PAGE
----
Sources: International Christian Concern, Kurdistan 24
- Praise God for this new development. Ask that the church may be a light to the community as its members reach out to those in need and to those who are seeking.
- Pray for those who are returning home after years of displacement. Pray that families will be reunited, homes and communities will be re-built and people will be provided with stability.
- Pray for the authorities as they help to support the establishment of communities, ask the Lord to grant them wisdom and much needed provision.
Post your prayer for Kurdistan in the comments below.
Turks are expected to be Muslim – a conviction that’s fostered by the government in a ploy to consolidate power. Most are proudly Muslim and hold the faith as a core part of their nationalist identity, even if they aren’t devout.
There are approximately 7,000 Turkish national evangelical Christians, most of whom are converts from Islam. Believers are heavily persecuted by their families, neighbours and employers.
In addition to this, it is estimated that around 30,000 Christian refugees are registered with the UNHCR office in Ankara, Turkey. Most have fled violence, unrest and persecution in the Middle East. Registration allows the refugees to receive a very basic level of medical treatment free in government-run hospitals; however for serious cases, refugees need to turn to private hospitals which costs more than they can afford.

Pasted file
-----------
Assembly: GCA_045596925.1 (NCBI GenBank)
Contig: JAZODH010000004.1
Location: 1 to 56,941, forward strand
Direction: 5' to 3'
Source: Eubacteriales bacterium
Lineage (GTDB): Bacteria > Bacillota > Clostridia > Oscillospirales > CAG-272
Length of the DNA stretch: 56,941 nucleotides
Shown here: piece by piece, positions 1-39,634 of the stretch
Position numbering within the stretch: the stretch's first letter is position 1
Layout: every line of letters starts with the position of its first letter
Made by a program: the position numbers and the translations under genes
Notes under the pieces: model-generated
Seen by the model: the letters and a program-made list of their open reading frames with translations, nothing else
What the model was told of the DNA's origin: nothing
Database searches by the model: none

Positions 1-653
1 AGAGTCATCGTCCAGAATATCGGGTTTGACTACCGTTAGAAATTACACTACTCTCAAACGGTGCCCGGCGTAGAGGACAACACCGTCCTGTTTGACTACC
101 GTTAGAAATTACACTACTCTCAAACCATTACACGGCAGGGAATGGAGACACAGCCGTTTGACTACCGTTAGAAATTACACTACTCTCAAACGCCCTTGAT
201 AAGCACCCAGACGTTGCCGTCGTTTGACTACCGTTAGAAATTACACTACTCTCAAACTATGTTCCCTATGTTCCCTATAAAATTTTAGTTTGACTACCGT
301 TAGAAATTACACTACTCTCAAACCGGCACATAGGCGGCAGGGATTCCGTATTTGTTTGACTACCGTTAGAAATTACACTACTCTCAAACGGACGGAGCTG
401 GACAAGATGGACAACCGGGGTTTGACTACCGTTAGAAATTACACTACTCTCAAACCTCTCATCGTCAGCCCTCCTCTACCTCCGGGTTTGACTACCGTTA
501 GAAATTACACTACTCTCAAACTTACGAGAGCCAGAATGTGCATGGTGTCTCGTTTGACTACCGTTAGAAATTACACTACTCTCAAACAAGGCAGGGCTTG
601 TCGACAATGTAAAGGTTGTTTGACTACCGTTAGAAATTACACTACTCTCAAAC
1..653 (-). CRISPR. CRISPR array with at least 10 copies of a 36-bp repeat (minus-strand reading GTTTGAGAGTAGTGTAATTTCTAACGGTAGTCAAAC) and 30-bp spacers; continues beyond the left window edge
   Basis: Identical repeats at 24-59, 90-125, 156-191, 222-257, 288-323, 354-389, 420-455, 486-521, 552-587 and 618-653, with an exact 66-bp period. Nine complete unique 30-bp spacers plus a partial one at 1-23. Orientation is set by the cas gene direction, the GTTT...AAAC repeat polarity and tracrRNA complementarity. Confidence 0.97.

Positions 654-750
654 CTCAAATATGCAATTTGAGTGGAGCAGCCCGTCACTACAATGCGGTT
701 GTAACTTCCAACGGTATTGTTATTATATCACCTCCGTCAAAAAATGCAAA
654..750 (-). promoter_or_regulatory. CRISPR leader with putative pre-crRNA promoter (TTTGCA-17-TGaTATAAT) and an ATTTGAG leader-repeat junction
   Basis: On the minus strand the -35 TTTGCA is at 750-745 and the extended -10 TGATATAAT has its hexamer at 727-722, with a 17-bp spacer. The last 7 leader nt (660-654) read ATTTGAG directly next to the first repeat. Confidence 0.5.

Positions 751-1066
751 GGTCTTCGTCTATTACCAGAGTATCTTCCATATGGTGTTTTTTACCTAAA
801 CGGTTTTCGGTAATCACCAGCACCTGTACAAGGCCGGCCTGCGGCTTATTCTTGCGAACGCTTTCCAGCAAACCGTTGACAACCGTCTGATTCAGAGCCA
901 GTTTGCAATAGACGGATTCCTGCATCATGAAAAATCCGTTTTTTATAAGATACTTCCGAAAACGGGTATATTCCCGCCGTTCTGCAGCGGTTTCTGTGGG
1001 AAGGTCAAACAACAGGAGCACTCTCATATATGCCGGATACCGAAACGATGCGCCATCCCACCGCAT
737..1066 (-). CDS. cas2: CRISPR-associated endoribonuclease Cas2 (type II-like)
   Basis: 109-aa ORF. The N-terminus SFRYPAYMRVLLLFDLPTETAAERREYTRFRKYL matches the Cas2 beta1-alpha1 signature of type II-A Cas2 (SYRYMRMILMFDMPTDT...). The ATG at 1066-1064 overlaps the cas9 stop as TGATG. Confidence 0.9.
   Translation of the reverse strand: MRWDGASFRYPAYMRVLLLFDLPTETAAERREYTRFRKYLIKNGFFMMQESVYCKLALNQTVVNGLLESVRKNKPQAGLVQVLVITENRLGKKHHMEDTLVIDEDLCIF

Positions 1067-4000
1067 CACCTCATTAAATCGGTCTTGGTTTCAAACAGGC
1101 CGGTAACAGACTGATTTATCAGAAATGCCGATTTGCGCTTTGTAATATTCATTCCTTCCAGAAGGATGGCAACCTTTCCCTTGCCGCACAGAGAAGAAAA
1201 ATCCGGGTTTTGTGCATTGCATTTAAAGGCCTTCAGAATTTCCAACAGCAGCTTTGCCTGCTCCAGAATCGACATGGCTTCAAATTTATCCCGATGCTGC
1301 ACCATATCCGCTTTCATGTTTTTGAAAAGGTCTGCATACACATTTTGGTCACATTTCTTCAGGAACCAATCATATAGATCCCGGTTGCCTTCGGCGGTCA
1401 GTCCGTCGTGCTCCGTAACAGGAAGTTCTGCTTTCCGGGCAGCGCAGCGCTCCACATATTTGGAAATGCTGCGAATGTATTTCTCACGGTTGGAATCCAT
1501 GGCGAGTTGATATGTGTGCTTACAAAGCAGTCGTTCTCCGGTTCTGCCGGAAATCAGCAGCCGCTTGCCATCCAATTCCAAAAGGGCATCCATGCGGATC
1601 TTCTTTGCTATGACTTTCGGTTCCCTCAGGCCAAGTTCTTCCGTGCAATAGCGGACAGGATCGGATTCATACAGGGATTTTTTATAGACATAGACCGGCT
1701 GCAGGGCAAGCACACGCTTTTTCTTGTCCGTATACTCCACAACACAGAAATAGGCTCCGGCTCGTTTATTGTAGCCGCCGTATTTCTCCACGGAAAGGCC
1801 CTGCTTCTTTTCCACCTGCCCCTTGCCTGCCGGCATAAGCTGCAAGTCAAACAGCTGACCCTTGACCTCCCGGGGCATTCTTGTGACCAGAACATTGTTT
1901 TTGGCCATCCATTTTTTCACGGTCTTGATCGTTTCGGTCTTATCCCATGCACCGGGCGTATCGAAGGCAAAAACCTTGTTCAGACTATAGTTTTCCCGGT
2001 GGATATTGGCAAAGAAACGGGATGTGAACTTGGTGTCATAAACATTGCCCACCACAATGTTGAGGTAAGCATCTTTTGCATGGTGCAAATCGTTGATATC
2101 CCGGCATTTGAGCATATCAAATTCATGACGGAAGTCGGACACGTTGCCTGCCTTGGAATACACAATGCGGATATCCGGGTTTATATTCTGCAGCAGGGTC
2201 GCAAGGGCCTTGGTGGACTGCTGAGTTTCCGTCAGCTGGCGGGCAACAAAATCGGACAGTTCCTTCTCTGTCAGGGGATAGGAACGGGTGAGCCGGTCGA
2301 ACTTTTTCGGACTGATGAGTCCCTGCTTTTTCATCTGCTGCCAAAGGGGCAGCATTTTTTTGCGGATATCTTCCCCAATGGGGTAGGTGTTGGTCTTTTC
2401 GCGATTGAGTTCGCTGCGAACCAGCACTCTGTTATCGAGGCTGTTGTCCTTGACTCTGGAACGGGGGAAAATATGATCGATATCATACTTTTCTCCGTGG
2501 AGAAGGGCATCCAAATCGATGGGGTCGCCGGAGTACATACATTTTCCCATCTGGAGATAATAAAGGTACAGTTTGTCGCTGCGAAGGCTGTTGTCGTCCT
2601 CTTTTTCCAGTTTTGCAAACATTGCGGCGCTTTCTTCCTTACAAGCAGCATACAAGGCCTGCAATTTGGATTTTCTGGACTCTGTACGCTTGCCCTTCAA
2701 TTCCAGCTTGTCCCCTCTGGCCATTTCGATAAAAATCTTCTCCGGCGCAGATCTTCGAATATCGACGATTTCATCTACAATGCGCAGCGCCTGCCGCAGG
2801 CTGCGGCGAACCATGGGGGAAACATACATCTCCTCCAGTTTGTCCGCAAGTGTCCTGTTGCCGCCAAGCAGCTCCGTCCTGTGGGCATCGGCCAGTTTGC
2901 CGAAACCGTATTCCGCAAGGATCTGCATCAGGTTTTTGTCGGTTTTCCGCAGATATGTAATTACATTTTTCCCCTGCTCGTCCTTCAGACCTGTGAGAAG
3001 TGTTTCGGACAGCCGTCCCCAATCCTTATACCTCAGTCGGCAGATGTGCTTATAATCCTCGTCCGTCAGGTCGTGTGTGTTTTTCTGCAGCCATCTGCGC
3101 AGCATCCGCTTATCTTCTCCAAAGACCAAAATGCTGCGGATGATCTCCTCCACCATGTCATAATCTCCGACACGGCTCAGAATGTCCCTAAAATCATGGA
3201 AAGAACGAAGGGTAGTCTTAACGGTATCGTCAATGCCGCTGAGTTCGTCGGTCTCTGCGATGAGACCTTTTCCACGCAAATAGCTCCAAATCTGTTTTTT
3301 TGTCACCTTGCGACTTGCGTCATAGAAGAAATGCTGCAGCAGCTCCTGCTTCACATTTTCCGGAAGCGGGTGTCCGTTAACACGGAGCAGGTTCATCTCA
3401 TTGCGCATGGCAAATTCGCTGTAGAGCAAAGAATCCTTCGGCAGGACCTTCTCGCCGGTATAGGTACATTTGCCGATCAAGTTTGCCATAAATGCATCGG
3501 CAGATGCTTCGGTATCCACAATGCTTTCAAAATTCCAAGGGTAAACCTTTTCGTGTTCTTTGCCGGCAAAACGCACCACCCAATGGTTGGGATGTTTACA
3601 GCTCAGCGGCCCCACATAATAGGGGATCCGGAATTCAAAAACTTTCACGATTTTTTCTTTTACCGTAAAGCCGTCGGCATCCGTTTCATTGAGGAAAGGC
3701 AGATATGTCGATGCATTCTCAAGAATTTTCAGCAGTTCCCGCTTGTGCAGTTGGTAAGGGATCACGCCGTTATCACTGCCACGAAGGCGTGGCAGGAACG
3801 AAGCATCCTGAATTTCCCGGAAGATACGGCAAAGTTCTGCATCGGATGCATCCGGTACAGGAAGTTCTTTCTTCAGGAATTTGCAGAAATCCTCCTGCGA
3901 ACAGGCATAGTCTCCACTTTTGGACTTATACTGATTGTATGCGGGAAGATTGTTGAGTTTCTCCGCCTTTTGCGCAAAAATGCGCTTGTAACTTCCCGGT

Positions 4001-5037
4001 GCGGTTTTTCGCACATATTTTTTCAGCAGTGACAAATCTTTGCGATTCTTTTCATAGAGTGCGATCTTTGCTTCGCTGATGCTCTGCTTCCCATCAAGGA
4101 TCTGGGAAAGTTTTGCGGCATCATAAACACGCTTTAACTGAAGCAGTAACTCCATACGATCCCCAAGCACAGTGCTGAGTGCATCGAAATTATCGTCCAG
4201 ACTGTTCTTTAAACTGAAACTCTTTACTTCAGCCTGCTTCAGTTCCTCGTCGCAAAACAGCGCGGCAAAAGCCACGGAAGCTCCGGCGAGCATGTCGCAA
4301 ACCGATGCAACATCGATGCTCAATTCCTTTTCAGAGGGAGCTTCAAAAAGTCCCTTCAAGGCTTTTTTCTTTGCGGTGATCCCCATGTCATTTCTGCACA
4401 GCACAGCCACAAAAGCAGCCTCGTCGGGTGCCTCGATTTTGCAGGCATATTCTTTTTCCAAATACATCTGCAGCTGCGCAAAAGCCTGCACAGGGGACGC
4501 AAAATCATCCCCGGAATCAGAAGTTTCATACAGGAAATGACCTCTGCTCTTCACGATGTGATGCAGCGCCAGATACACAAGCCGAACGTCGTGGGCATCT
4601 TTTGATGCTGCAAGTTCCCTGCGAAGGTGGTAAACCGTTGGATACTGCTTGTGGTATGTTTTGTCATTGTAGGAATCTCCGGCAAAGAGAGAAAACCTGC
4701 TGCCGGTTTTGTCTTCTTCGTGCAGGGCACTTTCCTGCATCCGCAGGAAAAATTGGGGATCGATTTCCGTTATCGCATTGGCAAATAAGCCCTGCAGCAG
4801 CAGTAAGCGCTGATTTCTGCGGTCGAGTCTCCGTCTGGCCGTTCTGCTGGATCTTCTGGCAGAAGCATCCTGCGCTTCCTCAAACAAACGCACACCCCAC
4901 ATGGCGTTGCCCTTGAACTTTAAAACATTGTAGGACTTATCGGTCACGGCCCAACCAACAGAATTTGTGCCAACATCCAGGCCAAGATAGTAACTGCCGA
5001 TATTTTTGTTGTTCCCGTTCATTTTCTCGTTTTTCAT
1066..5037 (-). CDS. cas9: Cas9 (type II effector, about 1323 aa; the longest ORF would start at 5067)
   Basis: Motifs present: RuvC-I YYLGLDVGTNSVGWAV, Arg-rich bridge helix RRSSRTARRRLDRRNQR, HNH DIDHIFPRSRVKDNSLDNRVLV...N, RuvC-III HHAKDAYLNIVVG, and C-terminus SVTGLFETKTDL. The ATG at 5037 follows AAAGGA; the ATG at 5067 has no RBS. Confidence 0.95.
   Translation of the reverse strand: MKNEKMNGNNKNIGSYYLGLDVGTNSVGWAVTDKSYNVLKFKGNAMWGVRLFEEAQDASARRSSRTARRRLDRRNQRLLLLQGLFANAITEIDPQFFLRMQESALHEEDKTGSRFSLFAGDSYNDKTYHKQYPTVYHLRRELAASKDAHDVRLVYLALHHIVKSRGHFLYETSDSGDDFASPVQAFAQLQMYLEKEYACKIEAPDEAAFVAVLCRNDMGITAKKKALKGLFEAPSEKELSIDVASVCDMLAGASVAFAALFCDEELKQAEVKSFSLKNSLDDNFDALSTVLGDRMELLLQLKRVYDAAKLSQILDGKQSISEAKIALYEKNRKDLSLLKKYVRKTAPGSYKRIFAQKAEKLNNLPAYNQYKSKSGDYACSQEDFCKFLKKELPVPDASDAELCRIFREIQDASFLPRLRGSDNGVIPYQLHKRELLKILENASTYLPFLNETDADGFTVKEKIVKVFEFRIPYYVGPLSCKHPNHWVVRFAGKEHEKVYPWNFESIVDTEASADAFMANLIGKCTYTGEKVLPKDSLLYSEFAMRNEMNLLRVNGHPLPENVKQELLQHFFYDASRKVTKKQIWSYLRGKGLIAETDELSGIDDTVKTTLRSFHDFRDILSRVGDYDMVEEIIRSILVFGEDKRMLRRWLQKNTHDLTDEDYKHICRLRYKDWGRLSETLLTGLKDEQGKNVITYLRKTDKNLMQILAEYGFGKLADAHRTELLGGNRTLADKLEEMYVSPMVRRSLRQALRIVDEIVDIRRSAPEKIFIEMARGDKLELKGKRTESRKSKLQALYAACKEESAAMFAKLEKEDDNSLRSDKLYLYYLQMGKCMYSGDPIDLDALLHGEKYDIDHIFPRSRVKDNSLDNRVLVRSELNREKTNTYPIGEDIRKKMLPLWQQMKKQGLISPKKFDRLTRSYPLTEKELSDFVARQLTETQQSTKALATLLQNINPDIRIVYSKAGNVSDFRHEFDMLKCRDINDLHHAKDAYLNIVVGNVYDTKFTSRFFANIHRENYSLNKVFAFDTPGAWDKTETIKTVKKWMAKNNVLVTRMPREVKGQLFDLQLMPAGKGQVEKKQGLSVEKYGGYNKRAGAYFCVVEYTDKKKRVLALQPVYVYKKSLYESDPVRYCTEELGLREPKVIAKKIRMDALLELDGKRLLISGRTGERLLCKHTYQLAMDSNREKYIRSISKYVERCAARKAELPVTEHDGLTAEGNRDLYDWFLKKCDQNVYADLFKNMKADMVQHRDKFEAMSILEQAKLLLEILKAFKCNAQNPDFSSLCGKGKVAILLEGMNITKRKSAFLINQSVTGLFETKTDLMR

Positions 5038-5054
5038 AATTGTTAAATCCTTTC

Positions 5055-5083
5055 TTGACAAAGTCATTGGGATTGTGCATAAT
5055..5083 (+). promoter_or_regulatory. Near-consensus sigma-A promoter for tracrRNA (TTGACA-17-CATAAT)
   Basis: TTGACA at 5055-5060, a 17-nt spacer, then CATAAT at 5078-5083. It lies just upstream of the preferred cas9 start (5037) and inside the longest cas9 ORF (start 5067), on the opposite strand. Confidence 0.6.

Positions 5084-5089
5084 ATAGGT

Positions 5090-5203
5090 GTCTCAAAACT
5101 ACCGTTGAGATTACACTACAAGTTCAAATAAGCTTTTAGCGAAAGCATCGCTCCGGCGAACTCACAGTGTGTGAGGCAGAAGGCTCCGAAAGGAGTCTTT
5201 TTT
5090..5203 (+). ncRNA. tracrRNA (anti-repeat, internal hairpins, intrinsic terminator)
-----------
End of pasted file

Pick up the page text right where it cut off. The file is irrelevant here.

Refugees have no rights related to work and most find jobs that pay a third of the going rate. Employers often take advantage of Christian refugees in particular, including non-payment for work done. With the recent decline in the value of the Turkish lira, it has become increasingly difficult for refugees to find work. Christian refugees are struggling, they are concerned about their future and are wondering what they should do.
Mahrous is an Assyrian Christian from Iraq. When he was 19 years old – during the Iran-Iraq war, he was imprisoned in Iran for 12 years. He says, “Sunni prisoners were treated badly, but Christians were treated even worse. They told me I was unclean and tried to force me to convert to Shia Islam. During the week, it was very hot, they took me outside and tortured me. They told me, ‘if you want to be free you have to change your religion.’ Even if I die for it, I will never change my religion. I praise God for my faith. It’s hard to believe I was freed. There was no explanation, but one day I was taken to the Iraqi border and dumped there.
“Eventually I found work in a shop, but life was hard. I was told, ‘You are Christian, and this is a Muslim country. You shouldn’t live in this country.’ My Christian brother was captured and held hostage and we had to sell our home to buy his freedom. When ISIS came to Mosul, which is a Christian area, we were forced to leave and come to Turkey.
“It’s hard to find work as a refugee and wages are very low, thank God we just make ends meet.”
Many believers, particularly Christian leaders, came to Turkey because they were persecuted for their Christian faith in Iran. Some have been in Turkey for more than seven years and were accepted into the US resettlement program. However, in 2017 the US administration stopped all those in process.
Voice of the Martyrs is working with our partner in Turkey to provide resources and God’s word to Christians who have sought refuge in Turkey.